Published daily by the Lowy Institute

Pakistan: PM's reputation on the line in terrorist crackdown

International pressure has prompted Pakistan PM to order a crack down on terrorist groups.

Relatives mourn a victim of the attack by a Pakistan-based terrorist group on the Indian Army Base in Uri
Relatives mourn a victim of the attack by a Pakistan-based terrorist group on the Indian Army Base in Uri
Published 24 Nov 2016 

According to local media and other reporting, Pakistan's Prime Minister Nawaz Sharif has directed the head of the military's Inter-Services Intelligence (ISI) agency to crackdown on both the activities of internationally prescribed terrorist groups based in Pakistan that operate against neighbouring countries, and the support networks that operate from Pakistan and service such groups in neighbouring countries.

Sharif issued this directive at a select meeting of senior civil government and military officials in Islamabad on 3 October. Sharif's purpose was to redress Pakistan's increasing international diplomatic isolation due to the nation's alleged lack of substantive action against militant terrorist groups, especially those targeting India and Afghanistan.

The terrorist groups identified included the Pakistan-based Jaish-e-Mohammad and Lashkar-e-Taiba, both of which target India, and the Afghanistan-based Haqqani and other Taliban networks that operate in Afghanistan but have strong historical links to Pakistan.

Details of this meeting were first leaked in the prominent Pakistani English-language newspaper Dawn on 6 October. Officials were briefed that inadequate action against the terrorist groups was the cause of the recent cooling of US relations with Pakistan, and the associated downturn in US military and other aid. It had also directly and indirectly affected relations with other countries and was assessed as the principal reason why Pakistan's recent international representations about India in the UN and Washington (as well as other western capitals) in particular had not gained much traction.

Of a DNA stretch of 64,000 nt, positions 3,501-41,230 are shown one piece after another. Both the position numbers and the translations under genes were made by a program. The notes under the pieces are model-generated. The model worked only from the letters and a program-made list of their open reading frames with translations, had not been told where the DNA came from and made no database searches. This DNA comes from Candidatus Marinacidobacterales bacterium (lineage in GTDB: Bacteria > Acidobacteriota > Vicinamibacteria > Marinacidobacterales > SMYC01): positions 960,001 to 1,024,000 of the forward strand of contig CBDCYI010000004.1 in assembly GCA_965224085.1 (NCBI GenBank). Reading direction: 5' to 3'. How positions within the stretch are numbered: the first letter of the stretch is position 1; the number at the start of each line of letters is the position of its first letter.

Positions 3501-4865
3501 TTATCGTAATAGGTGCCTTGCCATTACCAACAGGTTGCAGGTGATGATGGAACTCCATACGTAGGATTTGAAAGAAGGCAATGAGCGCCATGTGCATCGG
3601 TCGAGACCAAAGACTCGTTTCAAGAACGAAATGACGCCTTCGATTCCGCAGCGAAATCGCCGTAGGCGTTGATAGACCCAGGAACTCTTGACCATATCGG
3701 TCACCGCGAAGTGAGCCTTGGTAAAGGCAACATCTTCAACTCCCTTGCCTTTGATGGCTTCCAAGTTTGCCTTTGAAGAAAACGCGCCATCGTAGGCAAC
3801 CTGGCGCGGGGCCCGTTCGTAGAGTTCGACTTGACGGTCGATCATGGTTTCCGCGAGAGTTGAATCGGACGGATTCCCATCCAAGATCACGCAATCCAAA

Those representations condemned India for human rights abuses in India-administered Kashmir, especially during the latter half of this year, and sought international assistance in pressuring India to comply with UNSC Resolution 47 and to hold a plebiscite in Jammu Kashmir to enable residents to choose whether to join Pakistan or India (the latter has been the core issue in the troubled Pakistan/India relationship since Partition in 1947).

The downturn this year in Pakistan-India relations has been particularly challenging for Sharif, who has a long-standing commitment to improving the bilateral relationship. Sharif and India's Prime Minister Narendra Modi shared this goal and in December 2015 jointly initiated a comprehensive bilateral dialogue to significantly improve the relationship. All issues were to be tabled, including Jammu Kashmir, national security including counter-terrorism, contentious provisions of the Indus Waters Treaty, trade and commerce including direct cross-border trade and reciprocal Most Favoured Nation (MFN) status, transit trade, and culture and tourism. 

However, the dialogue was quickly suspended. The principal causes were two deadly cross-border attacks by Pakistan-based terrorists against Indian military establishments at Pathankot in Punjab province on 2 January, and at Uri in Indian-administered Kashmir on 18 September. Some seven and 18 Indian military personnel were killed respectively during these attacks. The Pakistan-based United Jihad Council (UJC), an umbrella organisation for anti-Indian militant groups, claimed one of its member organisations was responsible for the first attack - India assumed that to be Jaish-e-Mohammad. Lashkar-e-Taiba claimed responsibility for the second attack. Informed observers in both nations judged that the aim of both attacks was to disrupt and indefinitely defer the dialogue.